Images of children from the Wittliff’s Southwestern & Mexican Photography Collection on view at the Austin-Bergstrom International Airport
July 31 – October 20, 2008
The Wittliff Collections at Texas State University-San Marcos recently opened their second exhibition of the summer at the Austin-Bergstrom International Airport (ABIA): Little Heroes, images of children from the Southwestern & Mexican Photography Collection. This satellite show, drawn from last year’s popular exhibit at the Wittliff, presents a cross-section of the permanent holdings with children as the central theme.
Vintage prints from the Wittliff’s Russell Lee archives document children during the Great Depression and into the 1940s. More recent images show the strength and importance of the Wittliff’s modern and contemporary Mexican photographs, which is the largest collection of its type in the U.S.
Also represented is internationally acclaimed Beaumont photographer Keith Carter, who learned the art from his mother as she worked making school portraits. Carter’s newest monograph, A Certain Alchemy, will be published this October in the Wittliff’s Southwestern & Mexican Photography Book Series with the University of Texas Press.
In addition to Lee and Carter, ten other renowned photographers are included in this condensed show: Manuel Carrillo, Marco Antonio Cruz, Flor Garduño, Earlie Hudnall, Jr., Eniac Martínez Ulloa, Francisco Mata Rosas, Raúl Ortega, Cathy Spence, Antonio Turok, and Mariana Yampolsky.
Wittliff curator Connie Todd considered hundreds of images in the permanent holdings before creating the original Little Heroes exhibition. She cites a collective visual fascination with children as one reason behind their popularity with photographers and viewers:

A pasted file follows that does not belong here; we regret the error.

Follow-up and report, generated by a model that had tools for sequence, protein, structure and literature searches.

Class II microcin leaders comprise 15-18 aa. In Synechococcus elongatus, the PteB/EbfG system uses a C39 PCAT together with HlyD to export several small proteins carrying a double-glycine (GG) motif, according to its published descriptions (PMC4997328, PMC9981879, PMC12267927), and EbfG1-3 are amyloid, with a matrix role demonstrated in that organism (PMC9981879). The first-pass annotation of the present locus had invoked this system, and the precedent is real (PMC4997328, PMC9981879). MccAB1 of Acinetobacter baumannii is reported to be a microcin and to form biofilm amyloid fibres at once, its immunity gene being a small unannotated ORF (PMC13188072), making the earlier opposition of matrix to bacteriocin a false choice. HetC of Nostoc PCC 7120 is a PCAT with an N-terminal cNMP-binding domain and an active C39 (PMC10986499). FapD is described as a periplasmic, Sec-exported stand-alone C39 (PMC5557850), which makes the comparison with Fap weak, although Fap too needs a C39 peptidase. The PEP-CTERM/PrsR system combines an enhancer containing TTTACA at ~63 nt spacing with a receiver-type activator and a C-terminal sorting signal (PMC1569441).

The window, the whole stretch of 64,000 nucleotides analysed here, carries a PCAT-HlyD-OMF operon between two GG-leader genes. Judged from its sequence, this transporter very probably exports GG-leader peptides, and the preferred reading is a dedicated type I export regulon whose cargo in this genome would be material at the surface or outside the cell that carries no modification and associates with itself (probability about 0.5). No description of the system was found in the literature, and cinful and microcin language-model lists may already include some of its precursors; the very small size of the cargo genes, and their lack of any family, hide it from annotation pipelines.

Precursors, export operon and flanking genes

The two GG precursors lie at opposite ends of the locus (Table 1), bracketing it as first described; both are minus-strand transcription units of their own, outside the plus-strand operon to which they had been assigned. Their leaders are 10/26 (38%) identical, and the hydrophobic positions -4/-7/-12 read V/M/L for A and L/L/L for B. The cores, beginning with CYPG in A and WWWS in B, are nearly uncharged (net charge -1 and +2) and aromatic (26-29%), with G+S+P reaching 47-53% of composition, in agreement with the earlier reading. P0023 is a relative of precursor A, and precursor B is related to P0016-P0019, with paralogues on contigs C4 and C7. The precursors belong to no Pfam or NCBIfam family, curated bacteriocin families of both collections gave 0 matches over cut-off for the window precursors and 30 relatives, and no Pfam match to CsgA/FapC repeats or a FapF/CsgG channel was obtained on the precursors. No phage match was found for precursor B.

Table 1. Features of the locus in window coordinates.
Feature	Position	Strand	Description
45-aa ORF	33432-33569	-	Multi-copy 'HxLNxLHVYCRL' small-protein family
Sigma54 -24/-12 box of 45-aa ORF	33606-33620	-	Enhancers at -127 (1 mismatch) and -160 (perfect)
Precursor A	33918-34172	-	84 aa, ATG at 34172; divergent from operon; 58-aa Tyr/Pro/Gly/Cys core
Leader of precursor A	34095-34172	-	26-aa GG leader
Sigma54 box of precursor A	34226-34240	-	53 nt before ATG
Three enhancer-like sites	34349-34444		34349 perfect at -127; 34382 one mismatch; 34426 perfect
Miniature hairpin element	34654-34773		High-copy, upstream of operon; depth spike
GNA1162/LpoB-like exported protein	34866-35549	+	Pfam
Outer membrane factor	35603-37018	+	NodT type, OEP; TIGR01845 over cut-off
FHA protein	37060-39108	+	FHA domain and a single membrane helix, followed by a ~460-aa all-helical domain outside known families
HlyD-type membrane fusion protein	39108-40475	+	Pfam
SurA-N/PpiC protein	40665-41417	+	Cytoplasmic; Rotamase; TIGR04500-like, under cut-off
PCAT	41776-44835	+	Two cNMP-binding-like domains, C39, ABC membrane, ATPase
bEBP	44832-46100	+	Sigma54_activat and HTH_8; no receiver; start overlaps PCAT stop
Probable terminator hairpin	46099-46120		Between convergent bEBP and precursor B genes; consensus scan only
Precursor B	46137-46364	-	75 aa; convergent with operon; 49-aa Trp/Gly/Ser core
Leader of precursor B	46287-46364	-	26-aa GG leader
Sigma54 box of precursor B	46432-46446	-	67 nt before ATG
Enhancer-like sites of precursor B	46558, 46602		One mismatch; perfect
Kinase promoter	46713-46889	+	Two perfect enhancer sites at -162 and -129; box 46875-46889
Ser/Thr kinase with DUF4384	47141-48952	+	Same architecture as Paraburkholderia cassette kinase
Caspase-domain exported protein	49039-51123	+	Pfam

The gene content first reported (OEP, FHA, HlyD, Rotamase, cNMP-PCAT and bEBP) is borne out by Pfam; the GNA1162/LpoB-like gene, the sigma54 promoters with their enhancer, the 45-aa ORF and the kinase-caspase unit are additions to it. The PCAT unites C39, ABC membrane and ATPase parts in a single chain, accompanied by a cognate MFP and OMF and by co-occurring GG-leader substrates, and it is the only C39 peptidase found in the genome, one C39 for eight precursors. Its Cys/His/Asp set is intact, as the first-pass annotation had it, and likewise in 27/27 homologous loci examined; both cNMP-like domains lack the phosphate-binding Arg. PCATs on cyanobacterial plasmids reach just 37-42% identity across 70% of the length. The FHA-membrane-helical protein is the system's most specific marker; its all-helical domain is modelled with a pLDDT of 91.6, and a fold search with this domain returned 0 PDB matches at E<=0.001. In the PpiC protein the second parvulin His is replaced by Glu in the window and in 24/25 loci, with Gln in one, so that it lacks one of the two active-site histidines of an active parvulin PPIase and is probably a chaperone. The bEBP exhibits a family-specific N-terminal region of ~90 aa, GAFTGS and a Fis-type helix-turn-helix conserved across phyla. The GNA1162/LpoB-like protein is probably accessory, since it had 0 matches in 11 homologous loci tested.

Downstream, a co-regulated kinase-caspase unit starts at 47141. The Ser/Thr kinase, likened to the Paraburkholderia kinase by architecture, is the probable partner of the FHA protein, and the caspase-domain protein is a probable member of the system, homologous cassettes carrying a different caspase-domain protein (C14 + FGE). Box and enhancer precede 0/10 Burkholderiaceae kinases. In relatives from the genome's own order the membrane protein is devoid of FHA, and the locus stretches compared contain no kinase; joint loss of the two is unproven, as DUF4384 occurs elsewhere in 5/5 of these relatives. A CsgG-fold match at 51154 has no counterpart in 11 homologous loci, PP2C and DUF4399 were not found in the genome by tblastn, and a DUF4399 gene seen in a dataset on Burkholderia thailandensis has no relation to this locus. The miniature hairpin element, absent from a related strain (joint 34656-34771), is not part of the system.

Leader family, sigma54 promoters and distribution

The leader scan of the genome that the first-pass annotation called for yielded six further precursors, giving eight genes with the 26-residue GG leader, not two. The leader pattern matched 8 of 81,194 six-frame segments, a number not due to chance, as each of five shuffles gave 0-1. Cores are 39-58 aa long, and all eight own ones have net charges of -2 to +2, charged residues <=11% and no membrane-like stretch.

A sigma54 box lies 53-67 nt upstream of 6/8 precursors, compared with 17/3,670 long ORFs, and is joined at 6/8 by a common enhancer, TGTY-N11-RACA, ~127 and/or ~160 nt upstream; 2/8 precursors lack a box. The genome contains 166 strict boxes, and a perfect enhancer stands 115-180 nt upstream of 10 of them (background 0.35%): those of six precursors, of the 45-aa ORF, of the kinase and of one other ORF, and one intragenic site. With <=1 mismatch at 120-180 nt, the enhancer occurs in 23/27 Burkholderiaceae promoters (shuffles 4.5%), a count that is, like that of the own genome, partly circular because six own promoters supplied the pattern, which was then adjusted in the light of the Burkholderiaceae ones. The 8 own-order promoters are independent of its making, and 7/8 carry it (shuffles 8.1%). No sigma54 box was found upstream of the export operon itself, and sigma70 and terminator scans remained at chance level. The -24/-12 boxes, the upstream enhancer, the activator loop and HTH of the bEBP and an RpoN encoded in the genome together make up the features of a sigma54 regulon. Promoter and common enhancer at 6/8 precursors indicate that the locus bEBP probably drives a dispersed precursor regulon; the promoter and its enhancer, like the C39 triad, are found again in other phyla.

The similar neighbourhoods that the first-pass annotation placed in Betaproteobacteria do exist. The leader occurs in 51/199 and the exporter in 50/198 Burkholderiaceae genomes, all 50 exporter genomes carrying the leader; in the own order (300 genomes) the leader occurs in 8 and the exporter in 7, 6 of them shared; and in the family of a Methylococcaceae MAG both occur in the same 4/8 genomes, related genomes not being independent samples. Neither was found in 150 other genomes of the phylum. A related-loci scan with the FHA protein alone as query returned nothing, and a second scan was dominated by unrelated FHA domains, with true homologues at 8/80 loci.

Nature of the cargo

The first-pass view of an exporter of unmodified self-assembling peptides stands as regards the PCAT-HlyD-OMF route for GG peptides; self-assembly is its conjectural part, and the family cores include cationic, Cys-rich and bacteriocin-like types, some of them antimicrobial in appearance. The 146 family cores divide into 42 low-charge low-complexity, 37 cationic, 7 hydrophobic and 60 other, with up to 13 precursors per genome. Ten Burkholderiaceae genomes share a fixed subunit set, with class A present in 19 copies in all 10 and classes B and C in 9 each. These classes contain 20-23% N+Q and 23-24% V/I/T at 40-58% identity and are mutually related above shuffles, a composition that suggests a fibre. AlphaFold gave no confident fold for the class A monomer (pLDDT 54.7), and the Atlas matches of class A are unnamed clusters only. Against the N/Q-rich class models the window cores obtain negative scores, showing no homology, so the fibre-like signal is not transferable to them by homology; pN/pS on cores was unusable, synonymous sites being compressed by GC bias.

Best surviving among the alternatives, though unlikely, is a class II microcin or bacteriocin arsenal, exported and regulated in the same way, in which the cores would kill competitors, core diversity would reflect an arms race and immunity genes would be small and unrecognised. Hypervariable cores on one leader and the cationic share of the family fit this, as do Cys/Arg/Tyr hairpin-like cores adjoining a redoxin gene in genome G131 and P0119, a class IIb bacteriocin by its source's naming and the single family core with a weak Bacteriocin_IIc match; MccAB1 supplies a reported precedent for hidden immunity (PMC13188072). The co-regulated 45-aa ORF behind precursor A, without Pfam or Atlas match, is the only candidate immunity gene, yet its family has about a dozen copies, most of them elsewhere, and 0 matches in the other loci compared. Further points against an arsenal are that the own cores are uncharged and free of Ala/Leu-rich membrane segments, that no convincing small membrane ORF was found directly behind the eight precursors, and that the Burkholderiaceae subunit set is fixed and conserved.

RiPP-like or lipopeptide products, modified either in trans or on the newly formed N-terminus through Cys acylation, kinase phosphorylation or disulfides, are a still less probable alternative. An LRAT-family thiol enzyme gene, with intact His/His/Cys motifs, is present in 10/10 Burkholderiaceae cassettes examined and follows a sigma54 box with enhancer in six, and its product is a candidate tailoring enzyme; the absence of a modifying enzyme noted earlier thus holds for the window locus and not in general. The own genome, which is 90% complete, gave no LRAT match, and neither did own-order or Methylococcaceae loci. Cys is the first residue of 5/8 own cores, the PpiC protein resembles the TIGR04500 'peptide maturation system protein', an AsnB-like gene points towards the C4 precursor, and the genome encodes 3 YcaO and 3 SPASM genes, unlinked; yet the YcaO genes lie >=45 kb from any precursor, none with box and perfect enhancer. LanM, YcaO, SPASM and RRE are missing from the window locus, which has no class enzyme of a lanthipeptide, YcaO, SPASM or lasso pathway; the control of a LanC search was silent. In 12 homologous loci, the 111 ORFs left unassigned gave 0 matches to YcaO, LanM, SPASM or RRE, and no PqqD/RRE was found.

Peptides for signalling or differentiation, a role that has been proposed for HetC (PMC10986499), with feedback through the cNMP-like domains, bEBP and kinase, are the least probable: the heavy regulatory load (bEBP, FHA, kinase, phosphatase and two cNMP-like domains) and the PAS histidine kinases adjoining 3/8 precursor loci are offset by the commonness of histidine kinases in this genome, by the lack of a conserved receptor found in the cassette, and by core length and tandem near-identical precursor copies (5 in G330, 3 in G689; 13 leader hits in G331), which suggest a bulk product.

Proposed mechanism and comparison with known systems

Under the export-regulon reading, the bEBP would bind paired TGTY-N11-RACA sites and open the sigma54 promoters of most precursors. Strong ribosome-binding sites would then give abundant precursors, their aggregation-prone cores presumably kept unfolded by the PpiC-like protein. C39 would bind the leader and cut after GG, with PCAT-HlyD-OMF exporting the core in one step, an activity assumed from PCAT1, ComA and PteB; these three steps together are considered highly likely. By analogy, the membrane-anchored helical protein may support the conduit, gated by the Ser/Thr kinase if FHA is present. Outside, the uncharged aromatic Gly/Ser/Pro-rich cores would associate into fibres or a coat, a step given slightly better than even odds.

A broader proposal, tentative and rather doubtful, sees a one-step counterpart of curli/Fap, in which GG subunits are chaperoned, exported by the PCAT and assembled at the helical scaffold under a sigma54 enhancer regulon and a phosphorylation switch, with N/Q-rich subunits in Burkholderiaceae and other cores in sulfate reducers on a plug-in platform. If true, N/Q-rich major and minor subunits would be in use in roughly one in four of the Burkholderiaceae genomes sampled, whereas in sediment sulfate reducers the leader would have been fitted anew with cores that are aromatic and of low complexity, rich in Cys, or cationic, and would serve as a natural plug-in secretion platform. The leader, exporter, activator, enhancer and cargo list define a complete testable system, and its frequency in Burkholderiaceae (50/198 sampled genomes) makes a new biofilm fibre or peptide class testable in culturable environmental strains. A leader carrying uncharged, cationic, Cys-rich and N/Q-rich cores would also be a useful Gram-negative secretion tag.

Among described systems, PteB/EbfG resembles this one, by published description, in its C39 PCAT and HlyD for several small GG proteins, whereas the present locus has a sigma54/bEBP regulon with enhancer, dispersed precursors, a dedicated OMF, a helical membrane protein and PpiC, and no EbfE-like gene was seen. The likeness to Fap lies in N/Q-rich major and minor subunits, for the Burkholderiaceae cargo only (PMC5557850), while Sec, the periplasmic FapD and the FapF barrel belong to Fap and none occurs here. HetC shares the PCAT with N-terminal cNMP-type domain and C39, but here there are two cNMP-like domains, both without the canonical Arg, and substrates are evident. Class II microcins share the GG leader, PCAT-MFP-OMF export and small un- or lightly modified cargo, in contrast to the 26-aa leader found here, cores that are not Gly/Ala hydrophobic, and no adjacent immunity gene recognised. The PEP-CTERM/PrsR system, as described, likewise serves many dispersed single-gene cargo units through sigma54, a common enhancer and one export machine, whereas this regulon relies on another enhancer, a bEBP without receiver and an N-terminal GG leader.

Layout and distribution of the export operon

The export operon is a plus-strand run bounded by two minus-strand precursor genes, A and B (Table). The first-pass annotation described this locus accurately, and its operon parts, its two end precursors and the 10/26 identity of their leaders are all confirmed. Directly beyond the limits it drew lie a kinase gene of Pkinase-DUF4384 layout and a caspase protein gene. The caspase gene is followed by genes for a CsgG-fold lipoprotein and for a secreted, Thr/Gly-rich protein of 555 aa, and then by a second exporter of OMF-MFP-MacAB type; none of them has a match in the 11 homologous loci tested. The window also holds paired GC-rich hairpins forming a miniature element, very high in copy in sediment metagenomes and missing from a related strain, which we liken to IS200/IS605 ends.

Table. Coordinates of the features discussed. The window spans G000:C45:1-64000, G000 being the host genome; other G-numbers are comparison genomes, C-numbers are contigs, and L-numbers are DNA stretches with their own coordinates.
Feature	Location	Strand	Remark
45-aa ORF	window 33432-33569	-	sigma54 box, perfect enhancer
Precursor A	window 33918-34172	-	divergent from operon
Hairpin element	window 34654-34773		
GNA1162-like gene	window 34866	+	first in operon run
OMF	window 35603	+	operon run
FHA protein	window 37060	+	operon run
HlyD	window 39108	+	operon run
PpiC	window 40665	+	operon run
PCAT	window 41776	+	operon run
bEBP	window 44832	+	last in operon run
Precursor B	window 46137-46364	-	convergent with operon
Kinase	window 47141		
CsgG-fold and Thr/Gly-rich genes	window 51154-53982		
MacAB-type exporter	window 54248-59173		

Photographers are hunters, searching for truth, amazing revelation, and beauty; and children provide all three at once—honesty, tragedy, unpredictability, and the loveliness of youth. In images of children photographers and viewers search for who we once were and what we have forgotten; we project our hopes and fears for the future onto these endlessly fascinating little figures. Children are our barometers—our fragile extensions into the real world—and we never tire of looking at them and taking their pictures.
The curator’s statement, and all 60-plus images in the original Little Heroes exhibition, can be viewed online.
Little Heroes will be displayed in the ABIA Airside Gallery East through October 20, 2008, and coincides with Treasures from the Wittliff Collections, which is the airport’s current pylon exhibit on view through October 1. Both shows, located along the concourse between gates 7 and 12, are accessible to ticketed passengers who have passed security checkpoints, an audience of thousands per day.
Located on the seventh floor of Texas State’s Alkek Library, the Wittliff Collections are undergoing construction to expand their public and exhibition spaces this summer and fall. For updates, and more about the Wittliff’s literary archives, photographs, exhibits, and events, call (512) 245-2313, or visit our website.